Headliners 999 had played at High Wycombe Town on 4th October 1978 in support of their ‘Separates’ long-player and new single ‘Homicide’ the popularity of that gig was a major factor in their return less than three months later.

For your listening and viewing pleasure

Homicide – 999 – Old Grey Whistle Test – BBC TV December 1978

24 November 1978 – Generation X/Vents/The Cure – Town Hall

High Wycombe favourites Generation X returned to the Town Hall on Friday 24th November 1978 but it was the sparse sound of the act third on the bill, The Cure, that went onto have global success far exceeding that of Billy Idol and his band of rockers.  Local band, The Vents, were also on the support bill.

Generation X – gig preview from Record Mirror – note two other gigs in High Wycombe on the same evening!

Generation X had appeared at High Wycombe on five previous occasions – four times at The Nag’s Head in 1977, before making their Town Hall debut in April 1978. Lead singer Billy Idol explained the reason for choosing High Wycombe again in a gig preview published in the Bucks Free Press Midweek. He said:“[High Wycombe] has always been great. It is like playing to your best friends.” He went on to say: “We are a wild rock and roll group. Our music is influenced by steel and concrete, not cows and fields.”  He concluded: “No one has ever proved that authority works. Drugs, booze, sex and violence makes their rules look like croquet on the lawn.  We are anti anything that strikes at individuality.”

Generation gig preview in Bucks Free Press Midweek – November 1978 – enhanced for wycombegigs.co.uk

The High Wycombe Town Hall gig was the opening night of the latest Generation X tour, initially publicised to promote their second album. A NME article suggests the name of the new album would be ‘Intercourse (Old Meets New)’.  The album was eventually released in January 1979 under the title ‘Valley of the Dolls’.  Notable tracks were subsequent singles, ‘King Rocker’ and the title track.  Production on the album was by Ian Hunter (Mott the Hoople).

Generation X tour dates from NME November 1978

The Cure were a late addition to the tour schedule after signing a record deal with Fiction Records in September 1978.  They had been signed by Chris Parry at Polydor Records for his Fiction label.  A debut single ‘Killing an Arab’ would follow in December 1978 on Small Wonder due to distribution problems with Polydor.

The band originated from Crawley, playing initially under the name of ‘Easy Cure’ and then simplying this to The Cure in July 1978.

At the time of the Town Hall gig The Cure were a three piece – Robert Smith (guitar and vocals), Michael Dempsey (bass) and Lol Tolhurst (drums). They were all 19 years old.

The Cure – 1978
Source unknown

The events surrounding their appearance at the Town Hall are fairly well documented in a couple of Cure biographies. At the Town Hall gig the band were left surprised that, rather than receiving a fee for the gig, they would have to pay £25 for the privilege of using the Generation X lighting and sound system.  They couldn’t afford £25 at the time, so they wheeled in their own amps and operated the sound and light system with the aid of a roadie and ‘encouragement’ from the audience.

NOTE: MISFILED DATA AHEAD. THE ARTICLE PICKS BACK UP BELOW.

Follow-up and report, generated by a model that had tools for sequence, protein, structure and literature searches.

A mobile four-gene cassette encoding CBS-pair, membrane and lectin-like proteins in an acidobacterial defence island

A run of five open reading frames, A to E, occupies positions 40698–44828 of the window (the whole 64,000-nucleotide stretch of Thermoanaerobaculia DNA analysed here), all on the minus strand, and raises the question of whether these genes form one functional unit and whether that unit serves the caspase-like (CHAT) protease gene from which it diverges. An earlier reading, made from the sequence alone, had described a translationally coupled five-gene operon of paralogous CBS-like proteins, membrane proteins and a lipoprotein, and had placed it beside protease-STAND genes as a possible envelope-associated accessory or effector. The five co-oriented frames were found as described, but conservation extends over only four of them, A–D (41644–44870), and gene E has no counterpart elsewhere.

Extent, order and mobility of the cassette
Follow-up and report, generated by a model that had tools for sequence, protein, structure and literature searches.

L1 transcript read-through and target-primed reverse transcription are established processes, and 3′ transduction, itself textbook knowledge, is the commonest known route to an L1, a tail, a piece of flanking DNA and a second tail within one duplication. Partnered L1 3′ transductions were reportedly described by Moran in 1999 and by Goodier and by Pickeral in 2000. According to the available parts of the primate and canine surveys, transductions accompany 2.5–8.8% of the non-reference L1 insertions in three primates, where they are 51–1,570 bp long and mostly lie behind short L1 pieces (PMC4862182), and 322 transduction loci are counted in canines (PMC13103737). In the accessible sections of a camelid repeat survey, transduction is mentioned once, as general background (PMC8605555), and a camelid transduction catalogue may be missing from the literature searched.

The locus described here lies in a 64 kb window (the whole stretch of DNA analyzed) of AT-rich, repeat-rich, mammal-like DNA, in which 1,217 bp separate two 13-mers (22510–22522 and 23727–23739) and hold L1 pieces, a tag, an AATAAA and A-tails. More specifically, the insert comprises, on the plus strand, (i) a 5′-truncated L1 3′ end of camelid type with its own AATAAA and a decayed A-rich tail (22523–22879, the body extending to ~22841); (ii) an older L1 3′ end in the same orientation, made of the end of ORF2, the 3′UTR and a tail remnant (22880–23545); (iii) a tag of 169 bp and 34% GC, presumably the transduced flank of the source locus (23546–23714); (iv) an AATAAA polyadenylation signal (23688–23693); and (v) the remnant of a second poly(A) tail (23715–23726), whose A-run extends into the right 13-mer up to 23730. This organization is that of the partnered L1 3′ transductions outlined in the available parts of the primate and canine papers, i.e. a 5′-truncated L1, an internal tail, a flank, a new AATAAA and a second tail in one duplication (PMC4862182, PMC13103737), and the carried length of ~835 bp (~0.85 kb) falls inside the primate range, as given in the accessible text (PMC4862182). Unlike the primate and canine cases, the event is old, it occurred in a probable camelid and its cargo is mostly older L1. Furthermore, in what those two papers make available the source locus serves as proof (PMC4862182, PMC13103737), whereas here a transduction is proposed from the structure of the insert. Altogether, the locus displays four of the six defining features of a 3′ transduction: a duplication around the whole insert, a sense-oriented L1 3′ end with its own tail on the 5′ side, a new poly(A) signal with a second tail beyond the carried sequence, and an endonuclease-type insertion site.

Extract from Ten Imaginary Years book by Steve Sutherland and Robert Smith – published 1987

In his 2016 biography, Cured, Lol Tolhurst went on the describe the events as the punters made their way into the Town Hall:

“The doors opened and we were ushered on stage almost immediately ‘to warm the punters up as the tour manager informed us. I’m sure Robert gave him a disdainful look as we marched on stage. We were not the same as these old hippies running the show. That much was obvious to all. However, we welcomed the opportunity to play, even if it meant we had to deal with the predictably capitalistic remnants of the counterculture from time to time.”

Earlier in 1978, Tolhurst, had apparently been given the opportunity to play for the UK Subs, but turned down the request in order to distance himself from the ‘punk’ movement. Commenting on the main event at the Town Hall, he added:

“The Gen X show was quite a spectacle of punk rock. As the opening number, ‘Ready, Steady Go started, Billy idol, resplendent in a red leather jump suit, strode to the front of the stage and then, almost on cue, a thousand gobs of spit came arching over the stage front like arrows shot from longbows into the spotlight towards Billy. To our amazement he didn’t recoil from this assault of phlegm but positively revelled in the ghastly gobbing frenzy.

Suddenly, the purpose of the red leather suit became shockingly clear, it was the only suitable material for such an onslaught, especially considering this same scene was repeated every night of the tour. We watched from the side of the stage for a few more minutes, transfixed by the spectacle of Mr Idol being drenched sputum. I think we were all secretly glad that the audience had decided we weren’t worthy of their shower of spittle.”

Just under 40 years after The Cure’s appearance at High Wycombe Town Hall, the band celebrated the landmark by playing an open-air gig at London’s Hyde Park in front of an estimated 50,000 people. The encore at Hyde Park (including 1978 songs ‘Killing An Arab’ and ’10:15 On A Saturday Night’) lasted longer their than Town Hall slot!

For your listening and viewing pleasure

Valley of the Dolls – Generation X – BBC Top of the Pops – April 1979

Killing An Arab – The Cure – Small Wonder single 1978

10:15 On A Saturday Night – The Cure – promo video – early 1979

References:

https://en-gb.facebook.com/genxpunkband/

https://en.wikipedia.org/wiki/Generation_X_(band)

https://en.wikipedia.org/wiki/The_Cure

http://www.thecure.com/bio/